Ryan Kadro, executive producer of ‘CBS This Morning,’ is exiting the network

Gayle King in 2016
“CBS This Morning” co-anchor Gayle King on the set of the show at CBS Broadcast Center in New York in 2016.
(Jennifer S. Altman / For The Times)

Ryan Kadro will leave his post as executive producer of “CBS This Morning” when his contract expires at the end of this year, according to two people familiar with the plan.

Kadro has led the program, co-anchored by Norah O’Donnell, Gayle King, John Dickerson and Bianna Golodryga, since 2016 and has been involved on the production team since its launch in 2012.

The once-hot program — a major profit center for CBS News — fell into a ratings swoon after the network fired the show’s founding co-anchor Charlie Rose last year over allegations of sexual harassment.


Word of Kadro’s impending departure comes after CBS News settled a lawsuit with three former employees who sued the division for failing to act on alleged inappropriate behavior by Rose. Kadro was named in the suit for allegedly ignoring warnings about Rose’s behavior.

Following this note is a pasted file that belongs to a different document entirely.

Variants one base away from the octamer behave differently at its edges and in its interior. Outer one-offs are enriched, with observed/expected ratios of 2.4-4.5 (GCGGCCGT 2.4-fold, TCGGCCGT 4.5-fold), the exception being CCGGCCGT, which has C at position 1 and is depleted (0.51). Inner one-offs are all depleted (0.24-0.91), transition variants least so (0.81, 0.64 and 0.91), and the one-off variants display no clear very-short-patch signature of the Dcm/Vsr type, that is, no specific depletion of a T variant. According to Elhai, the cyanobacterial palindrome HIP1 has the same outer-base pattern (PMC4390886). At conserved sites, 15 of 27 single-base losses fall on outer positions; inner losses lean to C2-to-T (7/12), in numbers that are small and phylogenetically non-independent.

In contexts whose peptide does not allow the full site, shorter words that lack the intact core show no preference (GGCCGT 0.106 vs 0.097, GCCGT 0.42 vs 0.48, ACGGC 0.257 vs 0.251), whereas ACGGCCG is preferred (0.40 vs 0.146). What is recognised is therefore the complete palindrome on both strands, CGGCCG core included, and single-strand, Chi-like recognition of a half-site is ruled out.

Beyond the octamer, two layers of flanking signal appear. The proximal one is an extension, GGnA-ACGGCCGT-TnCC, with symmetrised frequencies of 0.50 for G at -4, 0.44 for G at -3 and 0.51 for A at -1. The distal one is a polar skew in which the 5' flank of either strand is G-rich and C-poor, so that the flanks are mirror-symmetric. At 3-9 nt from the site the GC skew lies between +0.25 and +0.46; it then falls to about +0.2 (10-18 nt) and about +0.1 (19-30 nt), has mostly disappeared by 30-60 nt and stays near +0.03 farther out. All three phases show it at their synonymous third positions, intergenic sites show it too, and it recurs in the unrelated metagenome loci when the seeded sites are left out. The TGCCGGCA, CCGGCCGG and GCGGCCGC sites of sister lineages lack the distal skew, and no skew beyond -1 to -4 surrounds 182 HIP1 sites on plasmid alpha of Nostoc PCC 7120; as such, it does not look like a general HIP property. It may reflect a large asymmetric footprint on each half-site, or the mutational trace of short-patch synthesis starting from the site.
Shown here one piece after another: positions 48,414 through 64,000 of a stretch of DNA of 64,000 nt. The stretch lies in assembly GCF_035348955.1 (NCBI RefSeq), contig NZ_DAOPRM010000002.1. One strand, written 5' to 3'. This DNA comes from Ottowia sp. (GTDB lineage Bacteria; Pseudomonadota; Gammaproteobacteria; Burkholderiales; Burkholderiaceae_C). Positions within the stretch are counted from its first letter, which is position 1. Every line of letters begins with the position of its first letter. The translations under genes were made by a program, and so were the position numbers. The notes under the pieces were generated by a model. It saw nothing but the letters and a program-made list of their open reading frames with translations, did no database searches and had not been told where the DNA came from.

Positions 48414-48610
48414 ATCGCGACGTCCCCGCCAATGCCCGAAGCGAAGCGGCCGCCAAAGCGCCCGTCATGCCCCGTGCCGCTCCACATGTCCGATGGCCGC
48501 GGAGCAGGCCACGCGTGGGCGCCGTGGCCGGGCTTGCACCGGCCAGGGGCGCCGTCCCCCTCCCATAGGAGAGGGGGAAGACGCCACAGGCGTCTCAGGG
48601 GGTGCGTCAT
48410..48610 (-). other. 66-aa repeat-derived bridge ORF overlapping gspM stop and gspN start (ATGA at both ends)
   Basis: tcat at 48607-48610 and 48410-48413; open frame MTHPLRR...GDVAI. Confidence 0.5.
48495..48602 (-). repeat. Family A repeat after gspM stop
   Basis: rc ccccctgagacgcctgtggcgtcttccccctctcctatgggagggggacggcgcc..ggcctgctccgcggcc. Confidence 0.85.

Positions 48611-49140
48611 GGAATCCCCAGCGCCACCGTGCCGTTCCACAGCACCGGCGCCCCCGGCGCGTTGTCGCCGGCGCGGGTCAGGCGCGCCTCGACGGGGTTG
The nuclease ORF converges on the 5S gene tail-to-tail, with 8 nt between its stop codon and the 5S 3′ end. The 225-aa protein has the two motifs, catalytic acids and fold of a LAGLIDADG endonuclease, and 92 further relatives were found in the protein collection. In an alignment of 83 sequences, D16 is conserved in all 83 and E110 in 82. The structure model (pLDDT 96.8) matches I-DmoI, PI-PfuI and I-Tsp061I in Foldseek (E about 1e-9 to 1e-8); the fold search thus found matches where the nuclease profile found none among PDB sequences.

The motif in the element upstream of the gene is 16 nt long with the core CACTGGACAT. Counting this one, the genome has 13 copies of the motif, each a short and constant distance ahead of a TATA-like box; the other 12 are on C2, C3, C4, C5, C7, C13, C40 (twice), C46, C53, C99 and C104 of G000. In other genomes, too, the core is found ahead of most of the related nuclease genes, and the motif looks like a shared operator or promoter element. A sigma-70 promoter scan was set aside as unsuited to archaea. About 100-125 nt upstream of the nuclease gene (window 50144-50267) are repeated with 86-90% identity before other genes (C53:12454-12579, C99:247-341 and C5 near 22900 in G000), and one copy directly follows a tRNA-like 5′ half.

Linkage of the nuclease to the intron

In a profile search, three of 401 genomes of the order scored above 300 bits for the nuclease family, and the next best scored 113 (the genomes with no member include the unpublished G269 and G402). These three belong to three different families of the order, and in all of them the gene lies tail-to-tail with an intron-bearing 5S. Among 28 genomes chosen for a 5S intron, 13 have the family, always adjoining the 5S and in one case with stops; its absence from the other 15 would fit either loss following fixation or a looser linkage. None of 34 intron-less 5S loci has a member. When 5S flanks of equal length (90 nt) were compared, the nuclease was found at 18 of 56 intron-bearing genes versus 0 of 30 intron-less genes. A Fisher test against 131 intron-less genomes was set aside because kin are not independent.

A CBS News representative declined to comment on the status of Kadro’s contract, but said conversations about his future are unrelated to the settlement of the lawsuit.

The legal action is ongoing against Rose, whose attorney has said the suit is “without merit.”

“CBS This Morning” had been a show on the rise with Rose, O’Donnell and King providing a more serious alternative to NBC’s “Today” and ABC’s “Good Morning America.” In its first five years on the air, CBS was gaining ground after having been a perennial third-place finisher in the morning, which is the most profitable time period for network news programming.

But the audience level started to slide after Rose’s exit. In the November sweeps ratings period used by TV stations to set ad rates, “CBS This Morning” averaged 3.28 million viewers, down 18% compared with a year ago.


Twitter: @SteveBattaglio